Drifter’s Wife is a restaurant that came on the scene in 2015 as a wine shop.  In order to get people in, the owners decided to pop open the bottles and pair them with some snacks.  The space is small which makes it warm and welcoming with a chic style of wood tables and bold black furnishings.  We sat at the bar to enjoy some happy hour libations and quickly decided to abandon our reserved table when we realized the fun of sitting at the bar with a charismatic bartender and interesting fellow bar stoolers.  The food is kept simple and local.  I opted for their chicken and turnips which is a dish that can’t seem to leave the menu because it always gets requested and put back on.  If a restaurant can be known for its chicken, then they are doing something right.  Betsy went with the lightly fried softshell crab with wilted greens.  Their menu is simple and elegant accompanied by excellent service.

The Palace Diner is a Biddeford, Maine institution with great comfort food that earned them a 2019 James Beard Foundation Award nomination for “Best Chef – Northeast.” The dining car was built in Lowell, Massachusetts in 1927 by the Pollard Company and has been in Biddeford, Maine for its entire life and is one of two Pollard cars remaining in America.  The Palace Diner came to fruition in the days when dining cars were placed next to mills so hungry workers could get hearty meals when breakfast and lunch rolled around.  And this diner still serves up those comforting and hearty meals.  Not a lot has changed from the fifteen-seat counter to the stainless steel back splash to the menu choices.  The waft of coffee, cooking bacon and sweet maple syrup greet you as you walk in where a friendly voice welcomes you to the establishment and guides you into a seat (because this place will be busy and crowd control can be important in this tiny, efficient space).  The menu is what you want and expect from a diner.  Think tuna melt, cheese burger and fries, pillowy buttermilk flapjacks, and savory corned beef hash.  We opted for the whole breast fried chicken sandwich, which we shared, with cabbage slaw and jalapenos served with a side of wedge salad.  Oh my, was it good!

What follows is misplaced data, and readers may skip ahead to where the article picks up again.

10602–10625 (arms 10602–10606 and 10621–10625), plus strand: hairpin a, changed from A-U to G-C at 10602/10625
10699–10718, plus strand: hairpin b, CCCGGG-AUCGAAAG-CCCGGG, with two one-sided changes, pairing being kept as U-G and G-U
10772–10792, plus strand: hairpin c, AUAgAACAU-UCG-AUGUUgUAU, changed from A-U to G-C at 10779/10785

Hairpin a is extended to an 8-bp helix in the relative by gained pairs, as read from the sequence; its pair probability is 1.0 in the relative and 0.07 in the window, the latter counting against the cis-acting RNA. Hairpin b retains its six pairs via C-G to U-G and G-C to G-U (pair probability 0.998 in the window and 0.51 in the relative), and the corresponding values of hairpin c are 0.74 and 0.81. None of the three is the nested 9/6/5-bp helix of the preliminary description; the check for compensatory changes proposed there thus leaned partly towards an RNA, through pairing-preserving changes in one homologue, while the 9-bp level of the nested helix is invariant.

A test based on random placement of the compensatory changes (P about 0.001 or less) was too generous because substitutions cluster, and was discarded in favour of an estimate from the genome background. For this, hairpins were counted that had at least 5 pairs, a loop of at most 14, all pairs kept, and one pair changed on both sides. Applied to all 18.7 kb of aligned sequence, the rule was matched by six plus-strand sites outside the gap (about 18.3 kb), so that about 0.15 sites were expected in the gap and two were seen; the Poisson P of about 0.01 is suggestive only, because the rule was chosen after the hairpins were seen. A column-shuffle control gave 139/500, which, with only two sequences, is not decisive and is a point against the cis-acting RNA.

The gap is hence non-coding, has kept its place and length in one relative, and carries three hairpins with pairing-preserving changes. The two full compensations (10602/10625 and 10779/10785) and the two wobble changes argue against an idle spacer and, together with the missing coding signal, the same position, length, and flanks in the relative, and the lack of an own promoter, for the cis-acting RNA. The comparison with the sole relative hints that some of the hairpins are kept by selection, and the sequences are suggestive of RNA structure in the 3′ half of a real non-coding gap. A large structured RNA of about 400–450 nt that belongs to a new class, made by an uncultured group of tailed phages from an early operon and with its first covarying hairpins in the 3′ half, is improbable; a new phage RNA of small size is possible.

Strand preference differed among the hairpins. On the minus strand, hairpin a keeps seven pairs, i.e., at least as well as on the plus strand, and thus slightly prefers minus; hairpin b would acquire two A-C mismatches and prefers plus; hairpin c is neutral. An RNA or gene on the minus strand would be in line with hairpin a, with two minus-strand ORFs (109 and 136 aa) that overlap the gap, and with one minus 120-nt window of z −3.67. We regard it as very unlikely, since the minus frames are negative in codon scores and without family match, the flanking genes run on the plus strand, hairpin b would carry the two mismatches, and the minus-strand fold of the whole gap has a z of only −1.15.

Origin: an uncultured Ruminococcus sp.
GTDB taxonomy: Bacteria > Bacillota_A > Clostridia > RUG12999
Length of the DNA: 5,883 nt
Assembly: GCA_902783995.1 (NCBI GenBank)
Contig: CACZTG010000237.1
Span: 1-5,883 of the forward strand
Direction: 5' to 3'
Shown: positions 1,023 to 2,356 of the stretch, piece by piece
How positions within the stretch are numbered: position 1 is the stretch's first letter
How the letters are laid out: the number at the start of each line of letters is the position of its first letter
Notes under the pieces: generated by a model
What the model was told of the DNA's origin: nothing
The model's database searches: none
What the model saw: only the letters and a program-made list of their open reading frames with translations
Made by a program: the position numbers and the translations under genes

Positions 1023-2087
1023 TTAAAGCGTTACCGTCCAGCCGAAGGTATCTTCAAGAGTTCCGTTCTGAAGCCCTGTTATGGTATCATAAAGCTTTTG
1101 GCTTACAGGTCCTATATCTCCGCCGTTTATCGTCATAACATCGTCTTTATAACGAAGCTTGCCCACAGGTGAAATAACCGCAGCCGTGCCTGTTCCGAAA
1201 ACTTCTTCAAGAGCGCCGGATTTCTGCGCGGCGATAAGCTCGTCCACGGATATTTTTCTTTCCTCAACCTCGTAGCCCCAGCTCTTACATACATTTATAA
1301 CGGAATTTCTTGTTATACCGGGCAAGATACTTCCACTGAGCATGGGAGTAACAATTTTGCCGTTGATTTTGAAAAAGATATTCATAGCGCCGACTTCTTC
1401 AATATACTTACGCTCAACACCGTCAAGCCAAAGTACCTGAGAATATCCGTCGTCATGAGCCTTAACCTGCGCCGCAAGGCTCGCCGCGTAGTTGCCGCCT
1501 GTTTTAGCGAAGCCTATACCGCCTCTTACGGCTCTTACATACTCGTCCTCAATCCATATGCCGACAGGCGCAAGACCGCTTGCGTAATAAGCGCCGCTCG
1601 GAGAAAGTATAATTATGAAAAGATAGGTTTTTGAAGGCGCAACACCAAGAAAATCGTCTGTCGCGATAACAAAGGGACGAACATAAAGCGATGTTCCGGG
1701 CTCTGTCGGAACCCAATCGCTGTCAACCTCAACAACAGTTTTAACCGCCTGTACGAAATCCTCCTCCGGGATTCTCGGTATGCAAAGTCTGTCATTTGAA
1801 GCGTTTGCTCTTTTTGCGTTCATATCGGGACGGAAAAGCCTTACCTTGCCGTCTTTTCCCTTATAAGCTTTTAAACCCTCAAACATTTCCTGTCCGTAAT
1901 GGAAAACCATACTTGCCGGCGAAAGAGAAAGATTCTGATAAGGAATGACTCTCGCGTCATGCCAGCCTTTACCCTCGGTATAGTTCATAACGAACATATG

When you are tired of eating, head over to one of Maine’s most famous attractions – the Portland Head Light.  This iconic 80 – foot cylindrical tower has graced the rocky shore since 1791 and garners the title of Maine’s oldest lighthouse and the first in the country built by the federal government.  Seafaring stories of shipwrecks and lifesaving decorate this lighthouses’ past but one of the most colorful stories is of the keeper, Captain Joshua Freeman, who supplemented his government income by selling rum to visitors for three cents a glass. Pretty clever guy.